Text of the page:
Hong Kong’s leader issues fresh recession warning
Hong Kong’s leader Carrie Lam said the territory is likely to record negative growth for the year as months of protests have knocked the economy.
The unrest has disrupted businesses and dealt a particularly heavy blow to the tourism and retail sectors.
The warning comes ahead of preliminary gross domestic product figures due on Thursday that are expected to show Hong Kong entered a technical recession.
That is defined as two consecutive quarters of negative growth.
In a briefing in Hong Kong on Tuesday, Ms Lam said the third quarter growth numbers are likely to show that outcome.
To combat the slowdown, she said the city has so far injected more than HK$20bn ($2.6bn; £2bn) to support the economy including the transport, tourism and retail sectors.
Ms Lam said the government will deliver more relief measures, without giving specific details.
Her comments follow a similar warning from the territory’s Finance Secretary Paul Chan over the weekend. He said it would be “extremely difficult” to hit the government’s pre-protest forecast of growth of between 0% and 1% for 2019.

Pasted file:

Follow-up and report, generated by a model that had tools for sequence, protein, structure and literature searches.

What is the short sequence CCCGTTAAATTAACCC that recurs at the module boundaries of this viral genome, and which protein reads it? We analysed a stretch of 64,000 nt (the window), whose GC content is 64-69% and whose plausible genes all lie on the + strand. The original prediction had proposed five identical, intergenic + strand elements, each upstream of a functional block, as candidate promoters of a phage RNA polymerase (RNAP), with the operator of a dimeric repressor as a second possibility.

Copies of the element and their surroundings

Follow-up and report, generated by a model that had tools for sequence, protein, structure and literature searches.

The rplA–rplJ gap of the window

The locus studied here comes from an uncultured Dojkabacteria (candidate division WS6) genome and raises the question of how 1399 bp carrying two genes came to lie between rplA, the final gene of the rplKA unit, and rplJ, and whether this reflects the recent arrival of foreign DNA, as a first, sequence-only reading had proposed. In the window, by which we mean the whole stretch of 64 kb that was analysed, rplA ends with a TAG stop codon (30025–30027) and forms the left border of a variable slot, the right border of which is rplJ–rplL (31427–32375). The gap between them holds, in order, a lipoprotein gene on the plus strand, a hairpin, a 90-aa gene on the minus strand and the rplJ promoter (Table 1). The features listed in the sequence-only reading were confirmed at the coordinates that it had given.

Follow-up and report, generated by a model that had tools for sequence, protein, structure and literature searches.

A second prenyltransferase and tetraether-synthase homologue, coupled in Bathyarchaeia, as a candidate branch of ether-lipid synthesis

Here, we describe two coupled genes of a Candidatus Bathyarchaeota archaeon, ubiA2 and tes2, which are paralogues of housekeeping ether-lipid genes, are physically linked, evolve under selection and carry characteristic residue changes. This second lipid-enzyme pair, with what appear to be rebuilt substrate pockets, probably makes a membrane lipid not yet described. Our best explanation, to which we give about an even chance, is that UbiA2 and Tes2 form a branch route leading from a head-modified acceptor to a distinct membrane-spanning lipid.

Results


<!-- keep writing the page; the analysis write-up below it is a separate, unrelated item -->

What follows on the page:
“The blow to our economy [from the protests] is comprehensive,” Mr Chan said.
The demonstrations began over a proposed extradition bill between the territory and mainland China, and have evolved into demands for greater freedoms.
Hong Kong is part of China, but its citizens have more autonomy than those on the mainland.
Clashes between police and activists have become increasingly violent, with police using tear gas and protesters storming parliament.
Those protests have led to a sharp decline in tourist arrivals, with visitor numbers expected to have slumped 50% in October.
Hong Kong was one of the world’s most visited cities last year, with 30 million tourists.
Retailers have also been hard hit. Some shops have been forced to shorten trading hours, while workers report fears over their safety as well as getting to work.
Mr Chan said in August that retail sales had plunged more than 25% – the biggest monthly drop on record.